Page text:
In 2014, the G20 Energy Efficiency Action Plan prioritized the establishment of a Transport Task Group (TTG) to promote cooperation among participating G20 countries to develop domestic policies that improve the energy efficiency and environmental performance of motor vehicles, particularly heavy-duty vehicles. Led by the United States, the TTG currently includes Australia, Brazil, Canada, China, the European Union (with Germany, Italy, and the United Kingdom also participating individually), India, Japan, Mexico, and Russia.
This briefing characterizes the climate and health benefits of adopting world-class standards for new vehicle efficiency/CO2 and conventional pollutant emissions in all members of the G20 TTG. We find that new world-class vehicle efficiency standards applied in all TTG members could mitigate direct emissions from fuel combustion by an additional 2.4 GtCO2 beyond the 2.0 GtCO2 estimated to be avoided in 2040 under existing adopted vehicle efficiency standards. This additional mitigation potential is evenly split between light-duty vehicles (LDVs) and heavy-duty vehicles (HDVs). The rate of growth in vehicle populations worldwide—coupled with their cost-effective CO2 mitigation potential (achievable with fuel savings)—indicates that policies to improve vehicle efficiency should be a core component of meeting countries’ climate targets, including INDCs.
For conventional pollutants, we find that implementing world-class emissions standards for LDVs and HDVs in the six TTG members that have not yet implemented these standards could reduce fine particle-related health impacts in these countries by two thirds and avoid 60,000 premature deaths in urban areas alone annually by 2030. Once world-class emissions standards are implemented across all G20 members, we estimate that nearly 90% of new LDVs and HDVs sold worldwide will meet the standards, compared to about only half of new vehicles sold today. These standards will result in additional climate co-benefits by reducing emissions of black carbon, a component of fine particle emissions.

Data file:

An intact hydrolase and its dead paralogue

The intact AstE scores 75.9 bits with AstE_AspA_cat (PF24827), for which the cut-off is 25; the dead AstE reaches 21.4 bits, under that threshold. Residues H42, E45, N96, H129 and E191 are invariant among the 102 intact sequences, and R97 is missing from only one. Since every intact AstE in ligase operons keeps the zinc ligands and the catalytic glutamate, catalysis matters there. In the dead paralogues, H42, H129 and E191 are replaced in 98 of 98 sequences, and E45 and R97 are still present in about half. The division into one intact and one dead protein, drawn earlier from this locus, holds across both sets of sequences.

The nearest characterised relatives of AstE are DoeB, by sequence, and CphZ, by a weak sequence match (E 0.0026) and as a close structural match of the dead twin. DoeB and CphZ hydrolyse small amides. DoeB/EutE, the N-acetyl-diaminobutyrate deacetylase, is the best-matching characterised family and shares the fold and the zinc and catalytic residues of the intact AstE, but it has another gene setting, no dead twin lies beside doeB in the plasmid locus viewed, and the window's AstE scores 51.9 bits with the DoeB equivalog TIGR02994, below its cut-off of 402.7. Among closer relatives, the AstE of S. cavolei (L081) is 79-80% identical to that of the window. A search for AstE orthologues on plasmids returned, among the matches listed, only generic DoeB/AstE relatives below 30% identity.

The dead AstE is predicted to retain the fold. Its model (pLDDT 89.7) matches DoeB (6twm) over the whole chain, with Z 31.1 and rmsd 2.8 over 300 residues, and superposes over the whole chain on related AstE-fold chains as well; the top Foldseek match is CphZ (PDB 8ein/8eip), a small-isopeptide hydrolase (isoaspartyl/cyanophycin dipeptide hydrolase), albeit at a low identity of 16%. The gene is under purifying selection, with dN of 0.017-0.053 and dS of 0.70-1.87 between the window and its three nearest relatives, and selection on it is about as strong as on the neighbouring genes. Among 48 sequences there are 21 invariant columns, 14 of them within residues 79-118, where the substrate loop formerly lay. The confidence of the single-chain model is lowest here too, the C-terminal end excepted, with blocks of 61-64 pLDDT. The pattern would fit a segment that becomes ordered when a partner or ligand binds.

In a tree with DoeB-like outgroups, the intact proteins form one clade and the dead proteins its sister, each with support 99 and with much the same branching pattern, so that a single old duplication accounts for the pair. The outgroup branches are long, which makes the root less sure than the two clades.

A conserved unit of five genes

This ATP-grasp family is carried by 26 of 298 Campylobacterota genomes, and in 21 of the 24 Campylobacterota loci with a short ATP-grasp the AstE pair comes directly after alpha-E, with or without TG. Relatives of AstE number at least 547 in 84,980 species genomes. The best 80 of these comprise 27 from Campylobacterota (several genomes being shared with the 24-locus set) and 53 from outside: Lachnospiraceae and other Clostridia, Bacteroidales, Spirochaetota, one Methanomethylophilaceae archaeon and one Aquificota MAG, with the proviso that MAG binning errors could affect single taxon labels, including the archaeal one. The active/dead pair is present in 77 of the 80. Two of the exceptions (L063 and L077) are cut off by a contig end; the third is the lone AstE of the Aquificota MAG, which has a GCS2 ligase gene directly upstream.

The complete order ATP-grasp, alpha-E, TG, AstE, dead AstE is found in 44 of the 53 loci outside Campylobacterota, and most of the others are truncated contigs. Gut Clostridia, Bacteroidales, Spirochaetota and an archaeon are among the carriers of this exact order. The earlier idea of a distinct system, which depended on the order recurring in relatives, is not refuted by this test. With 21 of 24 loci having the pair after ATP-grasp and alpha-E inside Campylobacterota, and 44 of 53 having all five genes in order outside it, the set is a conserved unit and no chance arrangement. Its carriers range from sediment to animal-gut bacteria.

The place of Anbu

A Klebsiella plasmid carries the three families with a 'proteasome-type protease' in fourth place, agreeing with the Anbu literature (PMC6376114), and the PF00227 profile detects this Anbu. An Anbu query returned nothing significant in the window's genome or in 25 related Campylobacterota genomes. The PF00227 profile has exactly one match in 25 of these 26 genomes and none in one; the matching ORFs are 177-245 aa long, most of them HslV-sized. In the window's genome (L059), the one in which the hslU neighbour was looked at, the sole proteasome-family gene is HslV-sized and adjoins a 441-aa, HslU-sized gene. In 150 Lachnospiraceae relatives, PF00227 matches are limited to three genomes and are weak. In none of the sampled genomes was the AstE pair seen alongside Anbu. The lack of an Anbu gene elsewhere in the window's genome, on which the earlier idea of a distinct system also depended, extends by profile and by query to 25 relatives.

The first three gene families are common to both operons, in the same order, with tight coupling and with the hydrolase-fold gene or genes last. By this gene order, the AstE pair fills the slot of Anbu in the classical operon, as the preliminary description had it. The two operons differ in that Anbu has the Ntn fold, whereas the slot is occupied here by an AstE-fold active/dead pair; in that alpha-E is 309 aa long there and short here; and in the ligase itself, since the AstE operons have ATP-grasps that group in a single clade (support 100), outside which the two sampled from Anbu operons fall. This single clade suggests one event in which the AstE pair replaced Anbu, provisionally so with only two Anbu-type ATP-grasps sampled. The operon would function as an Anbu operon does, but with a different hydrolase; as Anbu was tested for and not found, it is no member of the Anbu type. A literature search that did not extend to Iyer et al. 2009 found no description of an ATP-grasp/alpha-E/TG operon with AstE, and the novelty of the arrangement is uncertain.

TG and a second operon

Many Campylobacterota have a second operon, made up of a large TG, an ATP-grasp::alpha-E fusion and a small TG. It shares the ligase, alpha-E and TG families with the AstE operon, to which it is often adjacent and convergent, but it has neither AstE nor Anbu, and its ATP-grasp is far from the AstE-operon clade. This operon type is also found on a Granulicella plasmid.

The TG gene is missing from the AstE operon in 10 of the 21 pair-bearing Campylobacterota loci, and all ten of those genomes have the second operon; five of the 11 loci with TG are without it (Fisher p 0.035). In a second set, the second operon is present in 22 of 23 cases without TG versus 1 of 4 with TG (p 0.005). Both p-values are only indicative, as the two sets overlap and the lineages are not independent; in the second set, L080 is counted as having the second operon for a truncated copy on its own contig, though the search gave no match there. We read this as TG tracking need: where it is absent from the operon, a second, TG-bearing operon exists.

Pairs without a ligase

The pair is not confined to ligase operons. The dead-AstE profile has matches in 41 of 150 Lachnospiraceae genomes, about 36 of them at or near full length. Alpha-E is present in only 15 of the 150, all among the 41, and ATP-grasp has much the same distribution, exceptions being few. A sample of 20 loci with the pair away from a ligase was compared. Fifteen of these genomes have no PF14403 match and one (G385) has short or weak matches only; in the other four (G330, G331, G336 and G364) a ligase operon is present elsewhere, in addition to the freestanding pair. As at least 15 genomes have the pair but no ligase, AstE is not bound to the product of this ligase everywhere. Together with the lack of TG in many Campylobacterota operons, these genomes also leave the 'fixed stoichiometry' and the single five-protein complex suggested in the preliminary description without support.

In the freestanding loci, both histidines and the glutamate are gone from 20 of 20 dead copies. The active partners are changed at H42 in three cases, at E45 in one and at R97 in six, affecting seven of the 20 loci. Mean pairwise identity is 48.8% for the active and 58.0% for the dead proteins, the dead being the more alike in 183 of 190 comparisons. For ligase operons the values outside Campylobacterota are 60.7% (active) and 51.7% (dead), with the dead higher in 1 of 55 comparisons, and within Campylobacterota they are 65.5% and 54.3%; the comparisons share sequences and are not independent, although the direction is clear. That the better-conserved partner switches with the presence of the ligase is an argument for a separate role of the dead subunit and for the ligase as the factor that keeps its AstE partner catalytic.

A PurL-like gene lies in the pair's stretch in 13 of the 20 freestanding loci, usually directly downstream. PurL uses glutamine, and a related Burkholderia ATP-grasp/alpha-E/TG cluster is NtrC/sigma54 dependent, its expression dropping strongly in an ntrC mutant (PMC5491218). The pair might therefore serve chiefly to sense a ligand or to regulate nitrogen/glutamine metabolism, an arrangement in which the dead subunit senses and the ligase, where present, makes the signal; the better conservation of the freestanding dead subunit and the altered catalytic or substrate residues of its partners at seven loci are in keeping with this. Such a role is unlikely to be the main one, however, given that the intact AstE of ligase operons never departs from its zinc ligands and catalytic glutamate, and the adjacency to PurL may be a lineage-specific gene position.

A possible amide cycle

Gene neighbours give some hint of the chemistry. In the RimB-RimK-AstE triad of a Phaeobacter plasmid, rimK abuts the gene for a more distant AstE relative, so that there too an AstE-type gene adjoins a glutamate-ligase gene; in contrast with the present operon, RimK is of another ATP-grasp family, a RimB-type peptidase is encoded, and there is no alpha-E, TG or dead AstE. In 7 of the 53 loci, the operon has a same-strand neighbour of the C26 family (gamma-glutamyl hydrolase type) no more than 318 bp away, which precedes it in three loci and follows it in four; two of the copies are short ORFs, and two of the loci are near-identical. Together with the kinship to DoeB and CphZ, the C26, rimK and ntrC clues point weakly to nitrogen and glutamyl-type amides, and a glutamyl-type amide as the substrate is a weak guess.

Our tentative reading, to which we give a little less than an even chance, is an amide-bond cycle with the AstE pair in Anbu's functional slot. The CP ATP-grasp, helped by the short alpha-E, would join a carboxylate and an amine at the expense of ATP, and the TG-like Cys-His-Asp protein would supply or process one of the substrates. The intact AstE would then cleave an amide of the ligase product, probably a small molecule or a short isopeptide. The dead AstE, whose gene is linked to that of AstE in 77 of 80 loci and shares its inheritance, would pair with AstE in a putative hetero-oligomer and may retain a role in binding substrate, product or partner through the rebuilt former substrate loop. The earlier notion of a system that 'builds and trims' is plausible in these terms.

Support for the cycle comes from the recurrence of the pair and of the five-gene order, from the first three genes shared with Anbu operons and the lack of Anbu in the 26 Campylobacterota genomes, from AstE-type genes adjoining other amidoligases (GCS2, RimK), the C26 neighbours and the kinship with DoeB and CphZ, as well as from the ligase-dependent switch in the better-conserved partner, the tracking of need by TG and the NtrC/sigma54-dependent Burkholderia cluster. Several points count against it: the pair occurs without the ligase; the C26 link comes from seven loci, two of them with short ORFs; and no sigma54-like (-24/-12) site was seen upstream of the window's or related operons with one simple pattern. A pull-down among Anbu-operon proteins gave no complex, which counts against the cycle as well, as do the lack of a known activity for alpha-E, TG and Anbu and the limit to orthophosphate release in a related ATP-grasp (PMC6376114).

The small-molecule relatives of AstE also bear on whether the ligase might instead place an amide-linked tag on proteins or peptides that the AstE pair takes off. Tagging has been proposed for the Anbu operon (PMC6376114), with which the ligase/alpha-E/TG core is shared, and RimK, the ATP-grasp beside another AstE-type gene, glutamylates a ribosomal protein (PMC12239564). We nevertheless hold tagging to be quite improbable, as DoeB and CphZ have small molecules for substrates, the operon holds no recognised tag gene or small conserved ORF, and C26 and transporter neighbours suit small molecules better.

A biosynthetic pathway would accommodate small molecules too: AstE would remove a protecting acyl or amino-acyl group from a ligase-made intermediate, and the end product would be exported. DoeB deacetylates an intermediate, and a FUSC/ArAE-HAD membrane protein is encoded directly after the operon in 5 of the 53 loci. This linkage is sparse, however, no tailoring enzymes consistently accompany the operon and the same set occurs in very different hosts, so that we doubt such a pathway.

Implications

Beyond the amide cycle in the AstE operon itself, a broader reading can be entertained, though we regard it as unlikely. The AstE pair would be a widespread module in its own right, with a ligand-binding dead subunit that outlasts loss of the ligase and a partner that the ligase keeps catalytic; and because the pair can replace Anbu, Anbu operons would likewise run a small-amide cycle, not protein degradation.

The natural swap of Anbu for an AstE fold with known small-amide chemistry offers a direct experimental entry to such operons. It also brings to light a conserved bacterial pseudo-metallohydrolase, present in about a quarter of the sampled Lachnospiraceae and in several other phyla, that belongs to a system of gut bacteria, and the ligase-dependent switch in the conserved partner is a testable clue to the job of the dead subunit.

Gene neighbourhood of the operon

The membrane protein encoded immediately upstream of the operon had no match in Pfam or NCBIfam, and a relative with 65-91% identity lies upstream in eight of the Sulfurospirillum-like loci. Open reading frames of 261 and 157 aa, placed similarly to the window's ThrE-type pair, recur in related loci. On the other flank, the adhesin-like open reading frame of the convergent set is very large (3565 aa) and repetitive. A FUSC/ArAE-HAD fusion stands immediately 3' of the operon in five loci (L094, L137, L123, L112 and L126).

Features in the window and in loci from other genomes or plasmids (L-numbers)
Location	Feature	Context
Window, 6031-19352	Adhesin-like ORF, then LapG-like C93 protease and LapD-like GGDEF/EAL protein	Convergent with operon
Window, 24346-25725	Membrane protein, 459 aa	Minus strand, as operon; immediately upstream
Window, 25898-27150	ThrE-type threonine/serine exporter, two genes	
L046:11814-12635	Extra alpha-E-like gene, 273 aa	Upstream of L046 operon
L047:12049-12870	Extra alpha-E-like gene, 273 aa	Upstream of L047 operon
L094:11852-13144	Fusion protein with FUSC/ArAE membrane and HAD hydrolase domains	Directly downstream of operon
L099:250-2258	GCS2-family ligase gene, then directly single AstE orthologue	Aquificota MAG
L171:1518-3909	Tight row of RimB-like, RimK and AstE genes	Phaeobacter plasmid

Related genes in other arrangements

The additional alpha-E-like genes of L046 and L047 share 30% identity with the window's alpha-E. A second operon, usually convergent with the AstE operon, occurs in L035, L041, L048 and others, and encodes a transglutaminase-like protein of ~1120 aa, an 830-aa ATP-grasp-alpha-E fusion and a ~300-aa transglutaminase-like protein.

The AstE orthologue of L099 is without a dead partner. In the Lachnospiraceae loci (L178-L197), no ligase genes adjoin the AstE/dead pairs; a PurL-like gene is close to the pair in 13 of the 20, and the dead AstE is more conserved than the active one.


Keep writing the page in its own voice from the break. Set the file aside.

The significant climate and health benefits demonstrated by this analysis bolster the rationale for G20 countries to continue improvements in new vehicle efficiency and lower conventional pollutant emissions from LDVs and HDVs. In particular, given that G20 members account for 90% of new vehicles sold in the world today (and more than 80% for TTG members), TTG members have considerable capacity to transform the global vehicle market and, ultimately, most of the vehicles on the road. The analysis also reinforces the importance of both light- and heavy-duty vehicles in securing future CO2 reductions from on-road vehicles.
Read the full story in Environmental Leader.
Water-saving technologies at Ford’s Chicago Assembly Plant, implemented toward the end of 2016, helped the facility reduce water usage by 13 million gallons last year, and the automaker expects to that number to be significantly higher in 2017 after a full year of use.
Ford implemented two projects at the plant last year: an increase in the re-use of water in the plant’s pre-treatment system and the addition of a cooling tower side-stream electrolysis (water softening) to remove calcium and magnesium.
Read the full story in GreenBiz.
Strong fuel efficiency standards make Americans’ lives better.
They save people money at the pump and encourage automakers to innovate so they can compete in the global marketplace. They reduce U.S. reliance on gasoline, which makes the country more independent, while cutting pollution and improving air quality.
That’s why the government worked with the auto industry to set new fuel standards in 2010 that called for cars to average 27.5 miles per gallon in 2010, rising to more than 54.5 mpg by 2025. In fact, car manufacturers already have been able to achieve these standards and sell more cars.
It’s absolutely critical that the United States continues to reduce carbon pollution from the auto sector, which has become the biggest source of U.S. emissions today. Lowering these emissions is good for the climate and people’s health.
Yet, the Trump administration is on the verge of calling for a review of these standards. The bottom line is that rolling back vehicle fuel standards would take money from people’s wallets and leave them with dirtier air to breathe.
Read the full story in The Hill.
The Environmental Protection Agency (EPA) won’t weaken the car fuel efficiency standards it set in 2012, despite pleas from the auto industry.
The EPA proposed Wednesday a formal finding that the standards should remain in place and do not need to be revised for the model years 2022 to 2025.
Read the full story from NPR.
Now, the Obama administration says it will significantly expand the nation’s infrastructure for electric vehicles. The U.S. Department of Transportation is establishing 48 national electric vehicle charging corridors. Those vehicle routes dotted with charging stations are intended to cover 25,000 miles of highway in 35 states.
Read the full story from NPR.
It has been a common belief that low-emissions vehicles, like hybrids and electric cars, are more expensive than other choices. But a new study finds that when operating and maintenance costs are included in a vehicle’s price, cleaner cars may actually be a better bet.
The cars and trucks we drive are responsible for about a fifth of greenhouse gas emissions in this country. That’s why Jessika Trancik, an energy scientist at the Massachusetts Institute of Technology, decided it was time to take a closer look at vehicle emissions.